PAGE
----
Russia’s Shrinking Population and the Russian Military’s HIV/AIDS Problem

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Russia’s rapidly declining population will soon no longer be able to support the current size of the Russian military. The number of Russian males turning 18-years-old is forecasted to drop by about 50 percent in the next 10 to 15 years. This approaching population decline requires significant structural reform within the Russian military. Yet, Russia’s military leadership has been slow to act and has not taken the kinds of steps required to prepare for this coming change.

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There are two root causes for Russia’s rapid decline in population—a falling birthrate and a high working-age male mortality rate. But in the coming years, Russia’s worsening HIV/AIDS epidemic threatens to substantially further exacerbate its existing population crisis.

Russia’s HIV/AIDS epidemic has thus far been concentrated among young males, with intravenous drug use reportedly being the leading cause of HIV infection. But growing evidence indicates that the epidemic is generalizing as both the number of Russian women testing positive for HIV and the number of Russians becoming infected through heterosexual contact increase dramatically. Unfortunately, Russia has been slow to address the crisis, and, as a result, the epidemic will likely be much harder to bring under control.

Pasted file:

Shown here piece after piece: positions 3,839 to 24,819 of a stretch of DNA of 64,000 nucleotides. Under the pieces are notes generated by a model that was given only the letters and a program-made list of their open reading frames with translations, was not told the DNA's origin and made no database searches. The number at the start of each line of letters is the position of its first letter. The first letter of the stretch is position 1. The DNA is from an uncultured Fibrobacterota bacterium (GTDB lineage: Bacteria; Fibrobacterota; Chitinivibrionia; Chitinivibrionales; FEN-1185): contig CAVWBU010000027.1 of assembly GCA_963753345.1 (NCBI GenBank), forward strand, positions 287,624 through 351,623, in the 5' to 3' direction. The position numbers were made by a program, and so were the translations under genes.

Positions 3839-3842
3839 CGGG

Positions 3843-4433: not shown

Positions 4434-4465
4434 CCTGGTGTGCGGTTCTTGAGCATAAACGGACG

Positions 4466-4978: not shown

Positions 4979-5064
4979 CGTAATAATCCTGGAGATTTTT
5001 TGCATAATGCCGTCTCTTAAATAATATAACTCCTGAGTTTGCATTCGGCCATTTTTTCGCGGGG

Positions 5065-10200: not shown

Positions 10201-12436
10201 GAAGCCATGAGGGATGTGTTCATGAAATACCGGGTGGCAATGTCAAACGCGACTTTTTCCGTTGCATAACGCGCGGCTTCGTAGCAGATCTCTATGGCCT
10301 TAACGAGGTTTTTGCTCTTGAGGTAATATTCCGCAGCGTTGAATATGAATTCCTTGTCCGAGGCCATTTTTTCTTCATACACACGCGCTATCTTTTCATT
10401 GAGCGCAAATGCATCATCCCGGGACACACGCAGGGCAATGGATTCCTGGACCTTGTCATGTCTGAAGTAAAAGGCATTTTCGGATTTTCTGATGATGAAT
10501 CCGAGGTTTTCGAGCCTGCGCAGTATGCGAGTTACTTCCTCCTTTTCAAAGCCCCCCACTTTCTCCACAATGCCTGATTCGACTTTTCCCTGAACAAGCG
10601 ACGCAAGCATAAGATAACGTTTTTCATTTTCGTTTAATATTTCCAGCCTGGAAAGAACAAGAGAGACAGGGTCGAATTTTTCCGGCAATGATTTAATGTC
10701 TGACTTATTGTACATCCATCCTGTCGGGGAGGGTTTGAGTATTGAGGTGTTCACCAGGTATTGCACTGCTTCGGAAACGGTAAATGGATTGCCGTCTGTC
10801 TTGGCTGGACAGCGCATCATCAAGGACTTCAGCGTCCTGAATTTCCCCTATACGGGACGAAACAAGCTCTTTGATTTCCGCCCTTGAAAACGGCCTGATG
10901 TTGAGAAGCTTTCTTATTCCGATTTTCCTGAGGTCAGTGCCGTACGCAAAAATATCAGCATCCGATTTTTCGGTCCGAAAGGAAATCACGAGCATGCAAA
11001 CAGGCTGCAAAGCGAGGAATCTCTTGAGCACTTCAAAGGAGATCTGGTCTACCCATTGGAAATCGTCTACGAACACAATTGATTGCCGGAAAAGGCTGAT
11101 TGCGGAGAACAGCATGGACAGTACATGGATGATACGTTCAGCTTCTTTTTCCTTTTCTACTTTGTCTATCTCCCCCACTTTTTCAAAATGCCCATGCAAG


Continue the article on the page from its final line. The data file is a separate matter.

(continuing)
After being virtually silent on the issue for the first five years of his presidency, Russian President Vladimir Putin recently announced a major HIV/AIDS initiative, including a dramatic increase in HIV/AIDS-related funding. This initiative, part of an overall effort to improve the state of the Russian public healthcare system, will be funded largely by Russian oil revenues. Only time will tell if President Putin’s announcement will translate into an effective HIV/AIDS program, but it is an encouraging step.

The Russian military has an existing plan to combat HIV/AIDS, but it is inadequate to deal with the size of the problem it faces. Several steps should be taken immediately. First, a scientifically sound epidemiological testing and surveillance program should be implemented in order to gauge the true size of the epidemic and to confirm how the disease is being spread within the ranks of the military. Then, a targeted strategy of HIV/AIDS awareness and prevention needs to be implemented to stop its spread. A multi-year HIV/AIDS treatment plan for all HIV/AIDS-positive Russian service members, regardless of rank or status, which includes the availability of anti-retroviral therapy drug therapy (ART) must be established and adequately resourced. Lastly, oversight responsibility for the program must be given to a senior-ranking officer who has the clout to mandate action by senior Russian commanders.

Time still exists for Russia to take the steps necessary to manage its HIV/AIDS epidemic, but unless action is taken soon, the epidemic will almost certainly prove to be devastating.